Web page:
Proper configuration of the system as given is a prerequisite to either fortifying or hardening.  Systems as distributed are often loosely configured.  Occasionally this is due to sloppiness of the distributor.  More commonly it is because the distributor has tried to configure a generic appeal-to-all setup.  So, it is important that we examine the configuration at length and determine what if any changes must be made.


Fortification is about adding a layer of protection beyond proper configuration of the OS and applications. This layer of protection consists of tools that help detect changes in the system and monitor (suspicious) system activity.  Fortification is the addition (and in some cases deletion) of packages to improve security.  It should be done after a system has been properly configured with the supplied components.  Fortification frequently will discard a supplied component in preference to a carefully chosen added component.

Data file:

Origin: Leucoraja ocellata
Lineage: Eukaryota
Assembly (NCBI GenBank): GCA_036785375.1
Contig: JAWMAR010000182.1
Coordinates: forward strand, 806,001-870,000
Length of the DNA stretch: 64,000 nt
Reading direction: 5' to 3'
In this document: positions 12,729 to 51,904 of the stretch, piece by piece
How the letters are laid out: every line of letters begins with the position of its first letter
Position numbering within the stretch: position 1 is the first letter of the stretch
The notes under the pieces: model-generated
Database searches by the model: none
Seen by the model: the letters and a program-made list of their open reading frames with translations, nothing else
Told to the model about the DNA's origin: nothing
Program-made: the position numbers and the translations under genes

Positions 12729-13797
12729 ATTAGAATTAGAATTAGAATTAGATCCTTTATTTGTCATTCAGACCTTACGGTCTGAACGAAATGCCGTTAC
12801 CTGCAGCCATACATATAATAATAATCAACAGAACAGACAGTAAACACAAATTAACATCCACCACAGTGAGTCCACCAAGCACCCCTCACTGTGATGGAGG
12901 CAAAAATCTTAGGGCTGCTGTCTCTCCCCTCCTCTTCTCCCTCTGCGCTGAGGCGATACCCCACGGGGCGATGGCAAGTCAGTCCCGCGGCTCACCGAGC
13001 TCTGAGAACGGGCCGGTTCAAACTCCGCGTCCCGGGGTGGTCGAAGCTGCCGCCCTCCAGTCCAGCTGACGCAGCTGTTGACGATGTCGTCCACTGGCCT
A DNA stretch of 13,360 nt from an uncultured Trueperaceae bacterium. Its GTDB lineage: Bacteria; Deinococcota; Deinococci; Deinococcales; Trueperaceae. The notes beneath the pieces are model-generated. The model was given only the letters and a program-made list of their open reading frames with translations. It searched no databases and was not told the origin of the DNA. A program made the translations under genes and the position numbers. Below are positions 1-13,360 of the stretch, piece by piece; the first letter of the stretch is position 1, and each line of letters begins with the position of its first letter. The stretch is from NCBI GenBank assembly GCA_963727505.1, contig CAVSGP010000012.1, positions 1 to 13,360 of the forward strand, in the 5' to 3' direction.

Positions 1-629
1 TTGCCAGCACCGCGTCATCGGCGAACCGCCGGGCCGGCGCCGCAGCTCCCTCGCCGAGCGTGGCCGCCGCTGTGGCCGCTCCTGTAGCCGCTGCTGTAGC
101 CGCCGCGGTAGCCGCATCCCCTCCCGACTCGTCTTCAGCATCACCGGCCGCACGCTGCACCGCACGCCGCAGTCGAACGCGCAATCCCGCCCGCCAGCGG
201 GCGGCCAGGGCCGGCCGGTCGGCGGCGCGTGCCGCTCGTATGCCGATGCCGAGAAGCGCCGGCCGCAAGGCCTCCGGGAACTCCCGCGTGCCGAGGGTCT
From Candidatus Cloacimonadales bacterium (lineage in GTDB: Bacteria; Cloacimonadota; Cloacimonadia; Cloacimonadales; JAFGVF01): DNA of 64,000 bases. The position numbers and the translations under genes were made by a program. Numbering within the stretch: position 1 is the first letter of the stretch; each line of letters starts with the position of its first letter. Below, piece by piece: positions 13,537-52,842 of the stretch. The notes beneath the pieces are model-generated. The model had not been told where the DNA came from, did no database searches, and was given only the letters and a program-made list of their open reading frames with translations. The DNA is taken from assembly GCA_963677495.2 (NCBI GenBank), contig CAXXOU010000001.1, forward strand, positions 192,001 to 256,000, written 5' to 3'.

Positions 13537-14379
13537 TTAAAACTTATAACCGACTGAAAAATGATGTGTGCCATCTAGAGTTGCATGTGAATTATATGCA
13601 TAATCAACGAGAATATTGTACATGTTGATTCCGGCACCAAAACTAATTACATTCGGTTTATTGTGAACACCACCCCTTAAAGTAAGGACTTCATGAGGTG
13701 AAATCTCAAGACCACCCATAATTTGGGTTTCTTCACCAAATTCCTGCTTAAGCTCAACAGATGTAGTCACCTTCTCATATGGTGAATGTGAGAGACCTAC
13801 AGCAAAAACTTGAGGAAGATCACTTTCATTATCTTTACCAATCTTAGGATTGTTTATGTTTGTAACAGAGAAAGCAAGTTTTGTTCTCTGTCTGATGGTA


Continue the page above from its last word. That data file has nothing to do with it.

Trustix is an example of a fortified Linux.  It is based on the Red Hat distribution, but removes certain packages, and also replaces certain packages with "more secure" ones.  The Bastille script also falls into this fortification category.


The article titled "Hardening an Operating System" is about hardening in general, and should be read prior to reading the present article which focuses on hardening the Linux OS. In this article, we will be mostly concerned with hardening the Linux kernel, version 2.4 (July 2001 approx.)

Kernel v. OS v. Distribution

The word "kernel" is used variously in the OS literature.  In the academia, it generally refers to a nucleus.  In the computer industry, it refers to all the software that runs with the CPU in the kernel mode.  In the IT industry, it refers to everything that comes in a shrink-wrapped box excluding such programs as shells, terminal emulators, GUI etc.

A Practical Definition of What a Linux Kernel is